Part I: Vocabulary, Expressions and Equations.

**Vocabulary**

Remember -- Math is like a whole other language. You have to know the vocabulary to be able to make your way around the problems. I sent you home with the Vocabulary Quad sheet. I hope you put it in a place where you look at it daily.

**Order of Operations (PEMDAS) :**

Here are some videos and sites that might help you with Order of Operations (PEMDAS):

Don't forget to also check out the "Helpful Math Sites" box on the Home page. Khan Academy also has some great videos you can watch and replay as much as you need to.

**Solving Equations**

**Remember, the difference between the expressions we have been working with and the**

**equations**we are just now beginning is that equations have an equal sign (expressions don't) and must stay balanced on both sides (of the equal sign).

To solve equations, remember that you must:

1. Use the opposite operation to isolate the variable.

2. keep both sides of the equal sign balanced (equal). This is often done by:

3. "If you do something to one side, you must do it to the other side."

One step equations:

- examples and problems to work (Learning Wave)
- more examples of One-Step equations (Purple Math)
- here are some video examples too from The Math Dude and a Podcast from YouTube

Two Step Equations

- examples and problems to work (Learning Wave)
- more examples from Algebra Lab
- here are some video examples too from Math Is Power 4 U and The Math Dude and this one from SchoolTube

__the steps to solving inequalities are exactly the same as the ones for solving equations.__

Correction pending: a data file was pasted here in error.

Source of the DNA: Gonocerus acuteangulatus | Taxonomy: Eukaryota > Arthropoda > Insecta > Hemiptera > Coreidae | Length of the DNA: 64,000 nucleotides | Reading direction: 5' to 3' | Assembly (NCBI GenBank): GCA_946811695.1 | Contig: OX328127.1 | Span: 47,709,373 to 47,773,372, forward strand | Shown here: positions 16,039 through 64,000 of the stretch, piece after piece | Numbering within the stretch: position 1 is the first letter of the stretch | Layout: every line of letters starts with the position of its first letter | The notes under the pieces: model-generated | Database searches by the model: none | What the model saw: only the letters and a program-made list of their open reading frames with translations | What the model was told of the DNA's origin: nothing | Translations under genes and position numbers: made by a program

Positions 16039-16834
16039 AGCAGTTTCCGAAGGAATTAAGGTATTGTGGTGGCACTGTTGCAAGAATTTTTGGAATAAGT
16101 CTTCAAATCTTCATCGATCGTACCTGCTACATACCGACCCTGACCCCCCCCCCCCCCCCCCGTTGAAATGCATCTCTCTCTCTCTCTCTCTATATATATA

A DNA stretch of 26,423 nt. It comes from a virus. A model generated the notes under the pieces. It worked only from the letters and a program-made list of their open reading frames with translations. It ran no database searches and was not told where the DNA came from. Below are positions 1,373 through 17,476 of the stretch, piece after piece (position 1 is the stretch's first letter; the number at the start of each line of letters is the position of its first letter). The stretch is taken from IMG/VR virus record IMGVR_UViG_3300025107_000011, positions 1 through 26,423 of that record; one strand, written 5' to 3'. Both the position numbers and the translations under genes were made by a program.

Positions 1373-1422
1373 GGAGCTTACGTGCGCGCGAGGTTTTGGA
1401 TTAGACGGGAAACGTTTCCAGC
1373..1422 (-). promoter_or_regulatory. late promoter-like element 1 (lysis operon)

**Inequalities:**- Only two things change between equations and inequalities:

__>__,

__<__) --- not an = sign.

2. the variable you are solving for is no longer just ONE number, it is a range of numbers

Remember:

the

**> and <**will mean an

**open circle**on a numberline

the

**will mean a**

__<__and__>__**closed circle**on a numberline

Here are some examples of how inequalities are graphed on a numberline. (scoll down a bit when you click on the link)

- Video examples of solving inequalities courtesy of patrickJMT

**Reading Graphs.**

*Vocabulary to know: concrete, discrete, increasing, decreasing, constant, rapidly, slowly, gradually.*

This link has examples of Discrete and Concrete graphs. It also has graphs with matching situations. The pictures are small but the info is good so I would increase the magnification on your computer.

Part II: Graphs.

All numbers have relationships. One way to show these relationships is to use functions to create ordered pairs (x, y). Then, those ordered pairs can be placed in a table, mapped or graphed.

**** The Domain is always the x value. The Range is always the y value.****

**Functions:**

*Vocabulary to know -- domain(x), range(y), input(x), output(y), independent(x) and dependent(y), ordered pairs (x, y)*

Here is what Math Is Fun has to show you about Functions. And some more here too.

This link has an example of taking input(s), putting them through a process (function machine), to create outputs. And here is another one from Pearson.

Here is a video by Pearson modeling a function 3 ways.

How to tell if the ordered pairs really make a function by using the Vertical Line Test

This a video that shows you another way you can be asked to find the Domain(x) and Range (y) by evaluating a function.

**Graphing Quadratic Functions**

Here are some good examples of what "Systems of Equations" is and some examples of how to find a solution to given systems in a variety of ways. The two we will focus on in class are Solutions by Graphing and Solutions by Substitution.